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E. Coli Outbreak Sickens 72 People in 5 States, CDC Says

E. coli O103 is the particular strain involved in the cases, which were reported between March 2 and March 29, the CDC said

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    E. Coli Outbreak Sickens 72 People in 5 States, CDC Says
    Sean Gallup/Getty Images
    In this June 2, 2011, file photo, a lab technician holds a bacteria culture that shows a positive infection of enterohemorrhagic E. coli, also known as the EHEC bacteria, from a patient in Hamburg, Germany.

    What to Know

    • E. coli has sickened 72 people across five states, the CDC said Friday.

    • Eight people have been hospitalized.

    • Health officials have not pinpointed a specific food, grocer or restaurant as the source.

    Health officials are investigating an E. coli outbreak that has sickened 72 people across five states, federal health agencies said Friday.

    The reported cases were in Ohio, Kentucky, Tennessee, Virginia and Georgia, the Centers for Disease Control and Prevention said in a statement announcing the outbreak. Eight people have been hospitalized, the CDC added.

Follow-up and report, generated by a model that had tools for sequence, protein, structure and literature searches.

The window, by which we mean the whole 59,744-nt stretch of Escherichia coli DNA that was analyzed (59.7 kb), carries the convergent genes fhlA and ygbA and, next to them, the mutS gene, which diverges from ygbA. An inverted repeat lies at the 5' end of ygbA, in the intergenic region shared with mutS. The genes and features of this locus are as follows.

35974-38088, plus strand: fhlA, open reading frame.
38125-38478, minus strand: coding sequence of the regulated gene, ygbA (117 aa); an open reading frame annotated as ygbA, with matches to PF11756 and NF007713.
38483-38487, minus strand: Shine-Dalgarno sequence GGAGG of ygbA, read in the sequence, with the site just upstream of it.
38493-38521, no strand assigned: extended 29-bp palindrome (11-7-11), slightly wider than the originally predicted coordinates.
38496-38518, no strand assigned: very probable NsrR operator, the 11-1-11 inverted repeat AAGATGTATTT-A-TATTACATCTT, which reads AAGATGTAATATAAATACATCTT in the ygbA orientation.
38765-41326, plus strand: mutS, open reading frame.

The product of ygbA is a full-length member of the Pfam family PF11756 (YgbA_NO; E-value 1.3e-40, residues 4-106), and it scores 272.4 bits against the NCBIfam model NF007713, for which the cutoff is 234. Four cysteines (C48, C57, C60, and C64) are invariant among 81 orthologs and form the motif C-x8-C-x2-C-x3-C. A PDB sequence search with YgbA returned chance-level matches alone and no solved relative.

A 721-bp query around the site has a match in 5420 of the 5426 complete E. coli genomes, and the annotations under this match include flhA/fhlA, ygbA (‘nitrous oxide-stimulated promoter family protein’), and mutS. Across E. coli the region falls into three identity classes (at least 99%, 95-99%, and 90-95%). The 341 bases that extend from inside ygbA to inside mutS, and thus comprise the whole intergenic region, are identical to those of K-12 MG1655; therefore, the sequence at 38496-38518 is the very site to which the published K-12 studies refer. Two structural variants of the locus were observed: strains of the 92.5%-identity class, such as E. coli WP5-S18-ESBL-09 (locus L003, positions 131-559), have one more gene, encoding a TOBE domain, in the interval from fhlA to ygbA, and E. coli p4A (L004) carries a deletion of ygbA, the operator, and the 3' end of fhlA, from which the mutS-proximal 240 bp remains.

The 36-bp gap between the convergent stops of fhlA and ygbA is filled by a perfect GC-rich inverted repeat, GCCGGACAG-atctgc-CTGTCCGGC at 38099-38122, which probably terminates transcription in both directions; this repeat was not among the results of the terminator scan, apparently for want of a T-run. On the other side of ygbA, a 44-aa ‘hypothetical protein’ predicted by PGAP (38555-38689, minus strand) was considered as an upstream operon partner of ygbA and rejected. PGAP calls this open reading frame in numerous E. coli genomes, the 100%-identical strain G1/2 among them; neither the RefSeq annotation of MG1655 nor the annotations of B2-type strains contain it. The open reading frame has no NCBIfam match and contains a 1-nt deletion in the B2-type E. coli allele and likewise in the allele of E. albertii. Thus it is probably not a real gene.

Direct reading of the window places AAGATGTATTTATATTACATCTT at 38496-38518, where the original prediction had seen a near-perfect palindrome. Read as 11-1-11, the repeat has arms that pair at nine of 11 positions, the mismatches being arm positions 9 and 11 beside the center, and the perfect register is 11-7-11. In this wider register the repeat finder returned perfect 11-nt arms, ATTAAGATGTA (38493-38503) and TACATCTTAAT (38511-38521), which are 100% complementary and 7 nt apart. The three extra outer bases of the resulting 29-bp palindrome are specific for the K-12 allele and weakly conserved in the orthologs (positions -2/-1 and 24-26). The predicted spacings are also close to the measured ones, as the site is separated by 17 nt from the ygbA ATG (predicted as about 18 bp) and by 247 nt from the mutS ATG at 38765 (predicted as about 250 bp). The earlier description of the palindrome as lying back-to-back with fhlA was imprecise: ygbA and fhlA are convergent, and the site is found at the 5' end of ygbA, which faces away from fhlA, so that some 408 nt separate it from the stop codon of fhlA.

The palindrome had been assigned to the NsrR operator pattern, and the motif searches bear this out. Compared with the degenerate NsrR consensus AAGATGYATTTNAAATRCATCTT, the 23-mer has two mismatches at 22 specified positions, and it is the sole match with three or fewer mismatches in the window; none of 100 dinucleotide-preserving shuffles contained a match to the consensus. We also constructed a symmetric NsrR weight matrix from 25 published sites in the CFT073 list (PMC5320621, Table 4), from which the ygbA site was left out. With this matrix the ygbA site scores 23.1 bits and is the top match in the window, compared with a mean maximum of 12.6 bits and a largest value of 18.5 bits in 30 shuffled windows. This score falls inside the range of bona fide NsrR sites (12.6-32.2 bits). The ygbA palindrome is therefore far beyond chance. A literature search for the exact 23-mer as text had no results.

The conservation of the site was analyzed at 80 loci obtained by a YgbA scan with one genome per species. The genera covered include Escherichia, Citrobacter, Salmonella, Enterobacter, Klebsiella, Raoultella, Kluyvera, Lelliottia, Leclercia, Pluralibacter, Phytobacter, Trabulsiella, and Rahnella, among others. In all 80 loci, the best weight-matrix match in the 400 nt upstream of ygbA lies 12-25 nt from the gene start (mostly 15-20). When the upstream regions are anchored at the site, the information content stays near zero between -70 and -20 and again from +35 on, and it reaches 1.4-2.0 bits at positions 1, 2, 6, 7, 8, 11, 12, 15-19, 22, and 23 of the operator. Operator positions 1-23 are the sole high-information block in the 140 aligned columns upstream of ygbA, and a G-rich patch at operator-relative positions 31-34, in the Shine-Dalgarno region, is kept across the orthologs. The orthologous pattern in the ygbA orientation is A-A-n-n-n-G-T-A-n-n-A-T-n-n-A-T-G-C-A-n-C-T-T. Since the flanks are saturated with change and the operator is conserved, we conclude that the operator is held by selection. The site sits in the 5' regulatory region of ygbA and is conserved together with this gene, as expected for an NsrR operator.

The agency is working with the Food and Drug Administration and Department of Agriculture’s Food Safety and Inspection Service to investigate the outbreak. They have not yet pinpointed a specific food, grocery store or restaurant chain that’s responsible for the infections. As a result, the CDC is not recommending people avoid a particular food.

    E. coli O103 is the particular strain involved in the cases, which were reported between March 2 and March 29, the CDC said. The people infected range between the ages of 1 to 74, with 17 being the median age.

    Symptoms of E. coli include severe stomach cramps, vomiting and diarrhea, according to the CDC. Most people get better within five to seven days, though the illness can be severe and in some cases even life-threatening, the CDC said.

    Last year, an E. coli outbreak linked to romaine lettuce sickened 62 people across 16 states and Washington, D.C.

    This story first appeared on CNBC.com. More from CNBC: